Warning: In so much as a documentary can contain major “plot points,” this review reveals them.
It’s unfair and even a little mean to spoil a narrative film’s twists and surprises. But when a twist is manufactured for a documentary—a medium whose relationship to the truth is right there in its status as a “document”—it seems unfair not to offer at least a minor warning. Without fully revealing Wrinkles The Clown’s abrupt mid-film reveal (yet), it’s worth noting that the film doesn’t simply showcase a discovery that it made during filming. It deliberately manufactures and misdirects to the point that the idea of “documentary” is nearly shredded altogether. With the right story and done the right way, such a gambit can been a laudable and interesting. Exit Through The Gift Shop, for example, takes a shadowy main character and adds layers, artfully building a mystery in which the veracity takes a backseat to enjoyment. F For Fake, on the other hand, found itself in the middle of real-life developments and turned it into a story about the very idea of fakery. With Wrinkles, there’s no clear (or even muddled) sense that its deception holds any real purpose, thereby rendering huge chunks of its first hour pretty pointless.
It’s too bad, because the story of Wrinkles The Clown and the public reaction to his antics is funny, weird, and timely—there may just not be enough of it to warrant a feature-length doc. In 2015, videos of a spooky clown in Florida began surfacing, including a particularly creepy—though obviously staged—clip in which the clown emerges from underneath a little girl’s bed, creepily lords over her, puts down a toy, and then disables the security camera filming him. It’s stylish and spooky, and would’ve made a great scene in a horror movie. Jimmy Kimmel and James Corden (along with local Florida press) gave it some attention. Other videos followed, as did a marketing campaign featuring a website of Wrinkles sightings and Obey Giant-level stickering of his Southwest Florida stomping grounds. Those seemingly omnipresent stickers featured Wrinkles’ phone number, and the clown claimed to offer child-scaring services to beleaguered parents. Threaten your kids with a killer clown, he seemed to advertise, and they’ll never misbehave again.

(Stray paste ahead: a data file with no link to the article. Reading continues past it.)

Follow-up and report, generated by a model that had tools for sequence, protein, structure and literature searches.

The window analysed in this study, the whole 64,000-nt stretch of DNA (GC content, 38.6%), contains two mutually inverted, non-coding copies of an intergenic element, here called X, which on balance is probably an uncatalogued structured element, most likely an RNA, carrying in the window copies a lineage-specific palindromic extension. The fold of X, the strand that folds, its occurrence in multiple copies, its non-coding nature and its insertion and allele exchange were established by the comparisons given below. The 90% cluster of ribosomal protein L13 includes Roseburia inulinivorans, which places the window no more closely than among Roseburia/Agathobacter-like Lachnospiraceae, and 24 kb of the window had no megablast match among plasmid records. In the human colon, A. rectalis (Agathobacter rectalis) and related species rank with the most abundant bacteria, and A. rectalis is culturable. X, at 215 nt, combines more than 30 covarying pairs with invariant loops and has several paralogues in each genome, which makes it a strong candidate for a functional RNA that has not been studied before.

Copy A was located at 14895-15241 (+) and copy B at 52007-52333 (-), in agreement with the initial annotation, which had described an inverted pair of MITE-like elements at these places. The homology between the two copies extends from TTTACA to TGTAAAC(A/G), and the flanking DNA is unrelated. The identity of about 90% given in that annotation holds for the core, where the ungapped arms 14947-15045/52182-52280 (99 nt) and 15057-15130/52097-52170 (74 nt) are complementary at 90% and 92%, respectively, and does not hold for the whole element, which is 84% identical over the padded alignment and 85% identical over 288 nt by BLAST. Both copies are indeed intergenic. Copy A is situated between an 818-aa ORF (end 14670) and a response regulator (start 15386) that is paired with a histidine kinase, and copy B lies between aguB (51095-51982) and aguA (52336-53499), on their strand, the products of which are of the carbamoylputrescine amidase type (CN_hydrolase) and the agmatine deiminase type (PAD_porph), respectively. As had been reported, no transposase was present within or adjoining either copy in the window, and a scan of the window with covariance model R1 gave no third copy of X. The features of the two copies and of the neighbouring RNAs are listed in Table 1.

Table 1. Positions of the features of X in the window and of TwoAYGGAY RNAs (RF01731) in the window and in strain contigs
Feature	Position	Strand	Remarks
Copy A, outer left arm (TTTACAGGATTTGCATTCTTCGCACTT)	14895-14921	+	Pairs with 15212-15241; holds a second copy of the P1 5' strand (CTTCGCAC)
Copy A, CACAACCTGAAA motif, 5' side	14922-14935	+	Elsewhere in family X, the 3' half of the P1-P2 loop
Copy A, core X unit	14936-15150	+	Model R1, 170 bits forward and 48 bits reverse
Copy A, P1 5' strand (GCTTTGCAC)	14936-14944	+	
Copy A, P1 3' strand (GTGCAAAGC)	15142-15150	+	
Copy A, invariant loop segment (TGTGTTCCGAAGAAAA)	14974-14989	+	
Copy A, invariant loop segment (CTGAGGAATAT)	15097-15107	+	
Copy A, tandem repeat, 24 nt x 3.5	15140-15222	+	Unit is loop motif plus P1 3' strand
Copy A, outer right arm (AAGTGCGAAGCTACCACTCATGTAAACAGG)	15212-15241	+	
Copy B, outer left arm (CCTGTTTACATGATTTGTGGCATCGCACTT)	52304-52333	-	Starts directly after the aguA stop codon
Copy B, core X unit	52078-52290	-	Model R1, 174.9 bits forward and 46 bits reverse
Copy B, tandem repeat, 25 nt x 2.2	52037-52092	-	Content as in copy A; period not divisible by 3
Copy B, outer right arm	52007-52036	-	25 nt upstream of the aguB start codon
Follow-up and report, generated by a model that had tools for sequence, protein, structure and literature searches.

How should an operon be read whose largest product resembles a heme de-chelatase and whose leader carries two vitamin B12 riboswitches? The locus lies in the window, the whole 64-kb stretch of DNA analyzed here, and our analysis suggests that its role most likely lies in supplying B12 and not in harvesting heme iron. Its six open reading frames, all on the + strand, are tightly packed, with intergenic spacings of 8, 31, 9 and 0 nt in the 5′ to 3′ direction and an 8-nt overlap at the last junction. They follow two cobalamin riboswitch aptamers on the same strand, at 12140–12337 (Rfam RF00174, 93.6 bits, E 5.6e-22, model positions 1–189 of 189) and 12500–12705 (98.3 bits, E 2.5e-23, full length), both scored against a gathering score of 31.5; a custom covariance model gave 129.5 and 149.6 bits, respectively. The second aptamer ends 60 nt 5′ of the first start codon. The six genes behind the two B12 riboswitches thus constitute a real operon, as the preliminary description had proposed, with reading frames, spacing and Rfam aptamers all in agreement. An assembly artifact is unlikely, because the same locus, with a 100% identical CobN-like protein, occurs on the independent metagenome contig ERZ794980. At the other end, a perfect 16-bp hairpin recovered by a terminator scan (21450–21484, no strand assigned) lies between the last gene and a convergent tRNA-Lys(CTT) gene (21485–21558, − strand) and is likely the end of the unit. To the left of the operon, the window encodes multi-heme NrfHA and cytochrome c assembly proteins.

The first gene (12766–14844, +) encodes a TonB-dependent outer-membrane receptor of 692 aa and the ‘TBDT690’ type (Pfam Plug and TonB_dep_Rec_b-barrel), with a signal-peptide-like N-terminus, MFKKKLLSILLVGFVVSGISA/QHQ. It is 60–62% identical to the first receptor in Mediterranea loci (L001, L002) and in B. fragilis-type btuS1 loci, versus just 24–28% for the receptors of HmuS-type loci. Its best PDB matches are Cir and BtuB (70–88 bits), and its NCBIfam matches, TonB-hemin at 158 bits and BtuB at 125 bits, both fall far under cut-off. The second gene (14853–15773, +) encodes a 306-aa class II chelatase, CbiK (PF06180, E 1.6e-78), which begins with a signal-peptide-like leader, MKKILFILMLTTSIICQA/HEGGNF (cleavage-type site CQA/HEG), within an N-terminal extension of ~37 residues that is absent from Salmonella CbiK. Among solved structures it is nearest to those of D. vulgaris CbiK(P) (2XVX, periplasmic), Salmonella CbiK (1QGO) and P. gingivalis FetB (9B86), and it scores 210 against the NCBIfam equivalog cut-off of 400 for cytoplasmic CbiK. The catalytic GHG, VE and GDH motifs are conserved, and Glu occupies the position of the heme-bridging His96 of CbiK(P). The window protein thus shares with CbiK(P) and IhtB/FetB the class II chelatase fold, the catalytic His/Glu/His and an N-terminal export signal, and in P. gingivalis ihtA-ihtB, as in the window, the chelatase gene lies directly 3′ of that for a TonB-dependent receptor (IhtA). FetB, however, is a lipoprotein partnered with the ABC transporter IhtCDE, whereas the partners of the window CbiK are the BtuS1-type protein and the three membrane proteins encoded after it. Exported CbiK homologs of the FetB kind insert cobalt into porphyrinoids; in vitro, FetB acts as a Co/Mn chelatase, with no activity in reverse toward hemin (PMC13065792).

Wrinkles’ phone, if Wrinkles The Clown is to be believed, started ringing off the hook with everything from paying customers to virulent haters to offers of blowjobs. Kids wanted to see if the clown would answer, and parents were either amused or angry. We’re introduced early on to Wrinkles himself, whose face is never seen and who disguises his voice as a cartoonish blend of Moe Syzlak and The Sopranos. His life is plainly sad: He’s a senior citizen whose dinner comes from the microwave, whose TV is an old black-and-white, and who literally lives in a van down by the river. It all seems a little too perfectly pathetic.
Meanwhile, Wrinkles The Clown heads off on a series of diversions that offer some fun context and more concrete details. A folklorist and a clown expert offer their takes on both the history of clowning and the spreading of scary legends. News footage reveals the existence of Wrinkles copycats whose ideas of fun are edgier than those of the clown they’re inspired by. And we meet three young kids, raised on YouTube, who find the legend of Wrinkles both fascinating and scary. One seems scared enough to threaten him, another wants to follow in his footsteps and eventually make clown videos of his own. None of them do much to advance the story.
Pretty late in the game, we learn—spoiler alert—that the pathetic old man isn’t Wrinkles at all, but an actor portraying an entirely false history. We meet the “real” Wrinkles (maybe?) though only in shadow, and only with his silly fake voice. It’s more of a “huh?” moment than an “ahh!” one. He seems like a nice guy whose funny idea got more traction than he bargained for, and who’s confused about how and whether to take advantage of it. Wrinkles The Clown doesn’t tie these two halves together in any meaningful way. The movie feints at exploring evolving mythologies, but never scratches away more than a surface layer of pancake makeup. It could have at least alluded to the idea that clowns hide their identities for a living. Instead, it explains the deception only vaguely, with the idea that the old man Wrinkles was what its clearly much younger creator thought a “real” Wrinkles might be like. But the ruse never feels like more than an afterthought.
Wrinkles also speaks eloquently about how people love and hate the character, but there’s not much evidence here that his stunts, fun and silly though they were, created more than tiny blips on the pop-culture radar. If they did have some bigger impact or importance, it’s not obvious. And if a documentary is going to be deliberately deceptive, it better have a point to make—or at least be fantastically entertaining. Wrinkles The Clown has only the vaguest of justifications for its misdirection, which ultimately proves much less entertaining than a movie about a creepy clown who terrorizes misbehaving children ought to be.